Managing such a large environment presents a number of issues, configuration drift being the biggest. Creating the perfect solution is one thing, but if you cannot maintain this configuration over time, it creates additional support issues. This kind of “snowflake configuration”, where each is perfectly formed but yet different from the next, is currently the biggest challenge facing our business today.

There are a number of products on the market which will help you manage this lifecycle – Puppet, Ansible and Chef to name a few. It is the latter that we are looking at closely.

 

What are your thoughts on applying these on your own environment?

As a company we are fully committed to this technology/product. We have reorganized our business structure to start a DevOps transition and Chef is going to be a fundamental part of achieving that.

 

How do you see IT change in the next 5 years?

More and more customers will try to embrace “DevOps”, despite not fully understanding what it means. Many will focus on the technology, not realizing that culture and processes play the biggest part. Just because you can spin-up multiple Docker instances and configure them with Salt does not mean you have embraced DevOps.

Hopefully a number of companies will emerge that do it right. They will recognize business bottlenecks, and use process and culture, coupled with technology, to aid the business to be more profitable. They will transform IT from being a cost centre into being a core part of the business.

 

How do you think this will translate to your current working environment?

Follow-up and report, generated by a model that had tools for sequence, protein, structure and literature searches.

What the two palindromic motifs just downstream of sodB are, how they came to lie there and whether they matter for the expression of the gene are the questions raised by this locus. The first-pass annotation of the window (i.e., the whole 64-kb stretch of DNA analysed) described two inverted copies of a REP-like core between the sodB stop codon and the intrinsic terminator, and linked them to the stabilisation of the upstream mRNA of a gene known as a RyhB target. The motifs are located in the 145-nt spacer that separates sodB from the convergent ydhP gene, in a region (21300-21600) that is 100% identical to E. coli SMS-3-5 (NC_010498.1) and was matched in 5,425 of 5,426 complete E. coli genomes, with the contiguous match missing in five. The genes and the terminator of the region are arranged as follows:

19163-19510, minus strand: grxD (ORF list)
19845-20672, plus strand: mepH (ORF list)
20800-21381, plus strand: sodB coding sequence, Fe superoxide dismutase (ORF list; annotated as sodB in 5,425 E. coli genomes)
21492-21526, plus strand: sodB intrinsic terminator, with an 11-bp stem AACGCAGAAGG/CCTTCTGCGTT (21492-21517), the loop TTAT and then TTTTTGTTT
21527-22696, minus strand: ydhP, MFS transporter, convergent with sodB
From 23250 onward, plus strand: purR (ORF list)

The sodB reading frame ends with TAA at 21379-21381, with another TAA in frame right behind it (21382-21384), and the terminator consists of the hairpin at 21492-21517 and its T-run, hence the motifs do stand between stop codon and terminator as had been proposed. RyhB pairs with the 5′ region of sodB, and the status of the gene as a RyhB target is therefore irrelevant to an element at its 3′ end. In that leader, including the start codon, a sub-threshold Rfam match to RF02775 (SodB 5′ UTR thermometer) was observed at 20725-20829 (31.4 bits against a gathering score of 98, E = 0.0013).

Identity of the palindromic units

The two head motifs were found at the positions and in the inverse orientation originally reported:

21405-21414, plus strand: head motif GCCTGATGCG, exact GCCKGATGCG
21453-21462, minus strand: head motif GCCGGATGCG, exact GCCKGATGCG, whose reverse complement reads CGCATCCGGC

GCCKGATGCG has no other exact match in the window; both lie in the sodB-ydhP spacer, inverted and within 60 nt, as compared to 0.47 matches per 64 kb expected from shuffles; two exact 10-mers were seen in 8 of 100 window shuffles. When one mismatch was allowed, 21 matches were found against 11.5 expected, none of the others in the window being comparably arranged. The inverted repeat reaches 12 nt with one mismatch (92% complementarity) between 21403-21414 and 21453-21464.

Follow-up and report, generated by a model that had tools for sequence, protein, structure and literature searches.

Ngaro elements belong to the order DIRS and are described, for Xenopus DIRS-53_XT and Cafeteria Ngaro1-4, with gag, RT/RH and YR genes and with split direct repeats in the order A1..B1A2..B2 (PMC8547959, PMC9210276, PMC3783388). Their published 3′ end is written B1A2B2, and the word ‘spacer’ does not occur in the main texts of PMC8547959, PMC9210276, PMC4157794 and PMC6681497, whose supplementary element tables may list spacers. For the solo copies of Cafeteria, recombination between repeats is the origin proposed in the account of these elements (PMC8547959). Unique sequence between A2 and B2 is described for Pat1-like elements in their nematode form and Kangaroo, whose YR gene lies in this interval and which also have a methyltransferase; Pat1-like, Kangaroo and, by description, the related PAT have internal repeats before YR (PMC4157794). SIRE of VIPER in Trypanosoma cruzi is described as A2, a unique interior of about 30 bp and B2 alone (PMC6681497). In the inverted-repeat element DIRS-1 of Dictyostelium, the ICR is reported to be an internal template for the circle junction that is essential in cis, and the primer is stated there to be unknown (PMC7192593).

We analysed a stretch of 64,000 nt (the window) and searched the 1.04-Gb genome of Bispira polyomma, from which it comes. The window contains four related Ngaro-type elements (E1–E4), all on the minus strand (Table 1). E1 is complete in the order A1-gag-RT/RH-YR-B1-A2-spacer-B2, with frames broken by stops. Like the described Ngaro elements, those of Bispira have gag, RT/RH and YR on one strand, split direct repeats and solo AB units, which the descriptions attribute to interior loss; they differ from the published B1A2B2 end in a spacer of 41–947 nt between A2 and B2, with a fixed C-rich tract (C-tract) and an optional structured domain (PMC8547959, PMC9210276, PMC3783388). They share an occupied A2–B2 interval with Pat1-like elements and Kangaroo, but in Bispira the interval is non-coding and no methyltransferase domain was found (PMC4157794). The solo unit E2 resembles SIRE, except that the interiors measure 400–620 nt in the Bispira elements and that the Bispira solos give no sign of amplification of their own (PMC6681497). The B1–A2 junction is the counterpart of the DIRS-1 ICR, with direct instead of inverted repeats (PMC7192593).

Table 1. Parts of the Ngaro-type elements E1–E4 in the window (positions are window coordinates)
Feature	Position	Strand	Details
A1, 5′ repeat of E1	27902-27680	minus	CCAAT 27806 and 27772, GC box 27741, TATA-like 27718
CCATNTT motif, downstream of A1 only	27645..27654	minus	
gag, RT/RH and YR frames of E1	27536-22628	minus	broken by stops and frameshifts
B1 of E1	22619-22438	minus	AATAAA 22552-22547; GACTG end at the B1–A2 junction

We will be one of those companies 🙂

 

Who is your biggest influencer in IT and why?

Scott Lowe (@scott_lowe). I’ve followed him for years and he continues to impress me. The breadth of his skillset is breathtaking, and he refuses to be siloed. I’ve read his books, followed his blog and attended his sessions, and each time I’m reminded of the vast scale of his knowledge.

I may even have to replace that IronMan poster in my bedroom with one of him…

 

What’s the greatest tech disruption you’ve seen in your career?

I have to pinch myself when saying this, but I would have to say Microsoft. Whist I’ve not always been their biggest fan, it would be hard to deny their recent achievements.

I’m not just referring to their cloud platform, Azure, but their commitment to becoming a more open and platform-agnostic company. Visual Studio Code, supported on both Linux and Mac OSX… Bash on Windows… all examples of a company that’s taken a sharp change in direction.

Recently I was talking with Alan Renouf and Jeffrey Snover (Technical Fellow at Microsoft, creator or PowerShell) who agreed that bringing PowerShell to the Mac would be “a great idea”. This sort of thinking would have been unheard of three years ago.

 

What would you do for a living if you had not ended up in IT

I come from a family with a strong military background, so in all likelihood I would have worked to have been commissioned into the British Army as an officer. So instead of visiting hot and sandy countries to install IT infrastructure, I’d been kitted out in Kevlar and being shot at.


Thanks for sharing your thoughts with us!!